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Education 3.0: Finding A Balance Between Industry Needs And Happiness

15/04/2017 7:20 PM IST | Updated 18/04/2017 3:05 PM IST

As a mother and someone closely related to the education sector, I have often wondered what the role of an educationist is, in these changing times.

I recently had the privilege of attending the FICCI Arise- Education 3.0, summit. The summit emphasised the changes the education sector needs to undergo to stay relevant, and was attended by several educationists and other industry leaders presenting a variety of views.

Some educationists felt that this being the "Alexa generation", it is needed for us to focus on specialisation, remove redundancies and prioritise skill development, from the beginning. Mr. Unnikrishnan—MD and CEO, Thermax Ltd.—painted the picture of a Matrix-like situation where machines and software will rule the world within the next few years. He gave an example of how automation and machines are taking over factories, leaving many people jobless. He suggested that a human brain is fully developed by age 8, and hence should be trained early, with kids learning programming and engineering and other skill-based subjects, early in life. While I will debate the former point a little later in the article, the latter was well countered by Mr. Manit Jain—Director, Heritage School—when he suggested that a child needs to be taught good values and life skills first, with vocational training following only later.

Our system is so workforce-oriented that we don't leave room for holistic learning and nurturing conscientious people.

While I accept that the change is rapidly seeping in and machines are becoming more important, it's reductionist to think that they can replace people. I feel machines lack perspective, depth, rational thinking, personality development, problem solving and creativity. No matter how good we get at coding and machine learning, machines will never be able to add value like humans do. Look at the difference between a hand-woven sari and one from a power loom, or the sweets that are manufactured by the automated factories of Bikanerwala and Haldirams and those that are freshly made at the neighbourhood sweet shop. While automation does increase output, reduces cost, minimises flaws, and offers a standardised product, individuality will always be in vogue. Handcrafted goods—more perfect than machine goods because of their imperfections—will always have a market and be sold at a premium. However, this isn't a discussion about machines and humans. I am sure, like in the past, the advent of machines will continue to open new job avenues for humans. What we need to focus on is having enough well-rounded, happy and rational people to control these machines.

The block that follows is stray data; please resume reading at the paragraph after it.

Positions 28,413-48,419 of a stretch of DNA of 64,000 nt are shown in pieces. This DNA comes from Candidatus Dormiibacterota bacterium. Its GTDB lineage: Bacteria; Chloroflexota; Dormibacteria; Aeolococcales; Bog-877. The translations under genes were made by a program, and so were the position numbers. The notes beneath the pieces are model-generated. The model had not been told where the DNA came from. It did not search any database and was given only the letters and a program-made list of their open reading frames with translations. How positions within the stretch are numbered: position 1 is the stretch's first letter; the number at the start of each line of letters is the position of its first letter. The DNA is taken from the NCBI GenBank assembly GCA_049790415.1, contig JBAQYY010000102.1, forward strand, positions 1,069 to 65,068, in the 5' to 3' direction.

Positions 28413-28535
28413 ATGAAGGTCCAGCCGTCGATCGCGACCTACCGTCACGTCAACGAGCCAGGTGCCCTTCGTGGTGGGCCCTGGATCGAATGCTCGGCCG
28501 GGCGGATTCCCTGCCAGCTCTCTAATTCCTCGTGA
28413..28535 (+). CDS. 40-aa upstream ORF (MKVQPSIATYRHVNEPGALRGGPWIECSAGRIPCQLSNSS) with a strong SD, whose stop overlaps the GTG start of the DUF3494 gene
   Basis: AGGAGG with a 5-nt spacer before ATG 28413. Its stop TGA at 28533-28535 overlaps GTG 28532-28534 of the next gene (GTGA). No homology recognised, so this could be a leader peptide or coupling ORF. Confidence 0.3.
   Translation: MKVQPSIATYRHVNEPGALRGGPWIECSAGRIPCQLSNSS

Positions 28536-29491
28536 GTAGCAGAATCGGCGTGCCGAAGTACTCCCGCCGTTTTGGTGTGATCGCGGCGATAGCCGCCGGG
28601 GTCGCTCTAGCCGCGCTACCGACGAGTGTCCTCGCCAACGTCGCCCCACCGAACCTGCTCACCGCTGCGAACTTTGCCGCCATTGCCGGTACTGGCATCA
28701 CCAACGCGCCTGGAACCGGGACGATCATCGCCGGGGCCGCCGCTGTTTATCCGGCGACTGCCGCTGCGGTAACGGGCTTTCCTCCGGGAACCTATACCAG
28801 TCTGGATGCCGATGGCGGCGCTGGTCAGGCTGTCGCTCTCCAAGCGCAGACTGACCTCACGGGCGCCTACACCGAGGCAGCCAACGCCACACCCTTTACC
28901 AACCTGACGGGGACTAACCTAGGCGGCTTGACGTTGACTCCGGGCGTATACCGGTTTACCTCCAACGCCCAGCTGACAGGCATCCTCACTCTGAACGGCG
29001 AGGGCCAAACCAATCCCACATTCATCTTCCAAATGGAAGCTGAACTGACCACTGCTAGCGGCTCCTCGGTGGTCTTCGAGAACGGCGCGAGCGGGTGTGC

In a discussion on best practices, in which international industry experts shared their perspectives, Ms. Satu Järvinen, from the Koulu Education Group in Finland, shared some of the secrets of the famous Finnish education system. She drove home the point that educators there see themselves as "developers of learning outcomes to create good, happy citizens."

In my opinion, this is where India's problem lies. As a country, we don't focus enough on the happiness of the child (as reflected in our examination system)—all we focus on is the needs of the industry. Hence the assembly line approach towards education. Our system is so workforce-oriented that we don't leave room for holistic learning and nurturing conscientious people. Our children are so busy chasing marks (while also often grappling with poor pedagogy) that they don't have the time to really absorb what they are being taught.